Given all of the above, the most important question is whether a third party will pay to either license or acquire the brand. In short, it must have value to another party. When valuing brands, appraisers typically utilize some form of the relief-from-royalty method, an income approach that uses market-based data (when available) to calculate the present value of hypothetical royalties an owner would otherwise be willing to pay to use the asset. The model considers what revenue could be generated from setting up a business (with no other assets) to license the brands. Differentiated brands with high consumer awareness and strong retail/distributor relationships as well as strong margins are typically the best collateral. It is important to note that the value of a brand to a financial buyer can often be materially different from the value of a brand to a strategic party or competitor, as they may value the brand based on other mandates or synergies that are not captured in the value of the cash flows generated by the brand.
 

Collateral monitoring has unique considerations: The value ascribed to brands by Gordon Brothers is a financial one; therefore, the financial performance of the company is the baseline for establishing value. Declines in sales and profitability have a direct impact on brand value. Gross margins, in particular, are relevant because they inform the hypothetical royalty rate that the brand would be able to command to licensees. Declines in margins reduce what the effective royalty rate could be, reducing value. Any existing license agreements where the company rents the brand out to other parties are of particular note here, and changes in those agreements are also key points to monitor as they represent strong evidence of how the brand could be licensed in a hypothetical transaction. Lastly, changes in interest rates are worth monitoring as changes in market conditions can have an impact on the return requirements investors would have for the brand.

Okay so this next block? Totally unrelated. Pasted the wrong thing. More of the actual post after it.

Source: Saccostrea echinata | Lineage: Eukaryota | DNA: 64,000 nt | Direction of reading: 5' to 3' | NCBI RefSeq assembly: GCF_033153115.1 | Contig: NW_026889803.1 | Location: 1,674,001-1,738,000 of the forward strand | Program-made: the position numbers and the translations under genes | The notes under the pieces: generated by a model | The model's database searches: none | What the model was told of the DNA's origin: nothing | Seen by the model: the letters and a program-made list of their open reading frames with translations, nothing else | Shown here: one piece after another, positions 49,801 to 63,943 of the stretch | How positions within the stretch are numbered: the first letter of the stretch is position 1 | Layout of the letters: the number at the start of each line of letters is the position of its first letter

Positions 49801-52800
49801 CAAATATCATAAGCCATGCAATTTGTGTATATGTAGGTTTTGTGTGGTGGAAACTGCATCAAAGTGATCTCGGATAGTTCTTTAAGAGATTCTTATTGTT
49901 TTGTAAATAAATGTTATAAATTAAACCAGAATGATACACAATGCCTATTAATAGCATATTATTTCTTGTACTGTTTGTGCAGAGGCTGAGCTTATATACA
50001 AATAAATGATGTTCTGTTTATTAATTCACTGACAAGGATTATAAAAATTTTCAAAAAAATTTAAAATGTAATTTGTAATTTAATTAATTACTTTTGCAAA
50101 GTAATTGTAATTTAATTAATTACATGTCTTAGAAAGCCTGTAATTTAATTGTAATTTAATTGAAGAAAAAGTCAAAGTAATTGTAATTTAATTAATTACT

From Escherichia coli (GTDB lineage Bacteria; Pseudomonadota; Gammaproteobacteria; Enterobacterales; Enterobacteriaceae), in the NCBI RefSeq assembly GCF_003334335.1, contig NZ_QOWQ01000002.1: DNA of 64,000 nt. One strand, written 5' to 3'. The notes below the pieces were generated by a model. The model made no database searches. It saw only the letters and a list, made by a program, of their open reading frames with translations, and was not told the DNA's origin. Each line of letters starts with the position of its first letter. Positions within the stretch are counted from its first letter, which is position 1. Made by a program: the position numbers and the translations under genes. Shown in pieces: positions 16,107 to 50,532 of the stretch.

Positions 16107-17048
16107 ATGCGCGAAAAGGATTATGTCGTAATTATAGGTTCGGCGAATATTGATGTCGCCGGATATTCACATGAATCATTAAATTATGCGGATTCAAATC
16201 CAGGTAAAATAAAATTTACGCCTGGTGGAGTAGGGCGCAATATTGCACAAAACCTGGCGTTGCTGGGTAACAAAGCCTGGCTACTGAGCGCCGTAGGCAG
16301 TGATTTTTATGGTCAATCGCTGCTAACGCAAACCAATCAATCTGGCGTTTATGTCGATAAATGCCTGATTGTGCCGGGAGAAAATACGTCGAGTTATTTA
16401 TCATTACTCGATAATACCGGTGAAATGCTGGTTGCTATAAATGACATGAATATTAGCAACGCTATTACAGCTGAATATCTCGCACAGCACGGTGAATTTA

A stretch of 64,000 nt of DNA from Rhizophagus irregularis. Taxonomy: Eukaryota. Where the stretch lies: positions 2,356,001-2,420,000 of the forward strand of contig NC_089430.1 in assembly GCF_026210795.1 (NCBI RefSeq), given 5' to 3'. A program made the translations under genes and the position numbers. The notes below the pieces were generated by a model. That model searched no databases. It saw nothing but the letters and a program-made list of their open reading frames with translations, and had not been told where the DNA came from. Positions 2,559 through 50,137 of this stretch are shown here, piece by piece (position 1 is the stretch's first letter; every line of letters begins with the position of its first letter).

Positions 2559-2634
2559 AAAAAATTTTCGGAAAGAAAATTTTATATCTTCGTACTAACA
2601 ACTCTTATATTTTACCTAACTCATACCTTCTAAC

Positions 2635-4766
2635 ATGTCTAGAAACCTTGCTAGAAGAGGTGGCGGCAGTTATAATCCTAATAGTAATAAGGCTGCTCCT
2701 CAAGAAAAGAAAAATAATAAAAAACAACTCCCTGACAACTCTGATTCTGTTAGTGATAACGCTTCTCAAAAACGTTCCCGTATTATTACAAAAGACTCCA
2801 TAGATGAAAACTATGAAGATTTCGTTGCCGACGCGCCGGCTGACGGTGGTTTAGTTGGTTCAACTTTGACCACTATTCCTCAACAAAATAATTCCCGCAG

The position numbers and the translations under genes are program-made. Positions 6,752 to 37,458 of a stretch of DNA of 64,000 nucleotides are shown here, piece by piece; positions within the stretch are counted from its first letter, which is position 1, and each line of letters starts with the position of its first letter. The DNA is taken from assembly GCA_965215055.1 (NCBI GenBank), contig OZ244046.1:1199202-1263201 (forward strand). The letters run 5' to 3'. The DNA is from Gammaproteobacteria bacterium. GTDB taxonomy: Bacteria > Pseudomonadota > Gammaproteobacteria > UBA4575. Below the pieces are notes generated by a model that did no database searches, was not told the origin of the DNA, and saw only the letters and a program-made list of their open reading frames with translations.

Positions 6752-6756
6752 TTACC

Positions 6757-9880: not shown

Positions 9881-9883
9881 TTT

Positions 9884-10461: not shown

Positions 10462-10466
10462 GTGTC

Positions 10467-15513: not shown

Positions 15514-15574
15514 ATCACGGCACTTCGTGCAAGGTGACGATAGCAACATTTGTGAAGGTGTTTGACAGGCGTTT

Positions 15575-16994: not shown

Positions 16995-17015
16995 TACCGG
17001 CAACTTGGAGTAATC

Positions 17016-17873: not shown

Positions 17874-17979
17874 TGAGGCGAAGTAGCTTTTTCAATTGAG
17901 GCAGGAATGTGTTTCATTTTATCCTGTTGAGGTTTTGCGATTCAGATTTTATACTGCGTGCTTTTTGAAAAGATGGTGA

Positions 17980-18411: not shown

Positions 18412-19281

Strong brands are durable: Brands can take time to ‘restart’ post-liquidation. While their value is more durable than hard assets from an obsolescence factor and they have longer economic lives, it can take time to generate cash flows on brands subsequent to acquisition. When executed successfully, brand transitions happen quickly and can occur in less than six months. For example, Sycamore Partners purchased women’s apparel and accessories retailer Coldwater Creek’s intellectual property out of bankruptcy and re-launched as Coldwater Creek Direct, a catalog and online-based business. The process took only five months from purchase to launch. By compressing this timeframe, Sycamore Partners was able to leverage existing consumer awareness and transition loyal customers to its new platform, capitalizing on brand value.
 

Opaque market underscores need for experience: Given the intangible nature of the asset, brands can be tricky to liquidate. Brands that are liquidated are generally bought out of Chapter 7 or 11 bankruptcy. The acquirer buys the trademarks along with any marketing assets, style guidelines, formulations, domains, mastheads, and other direct related assets and re-registers them for the appropriate jurisdictions. In practice, brands are often acquired as part of a pool of assets including inventory and other hard assets in these transactions. Because this market is not as robust and established as it is for other hard assets, it is important for lenders to choose appraisal firms that have a strong history of buying and licensing brands. Gordon Brothers brings decades of acquisition and brand building experience to our appraisal methodology.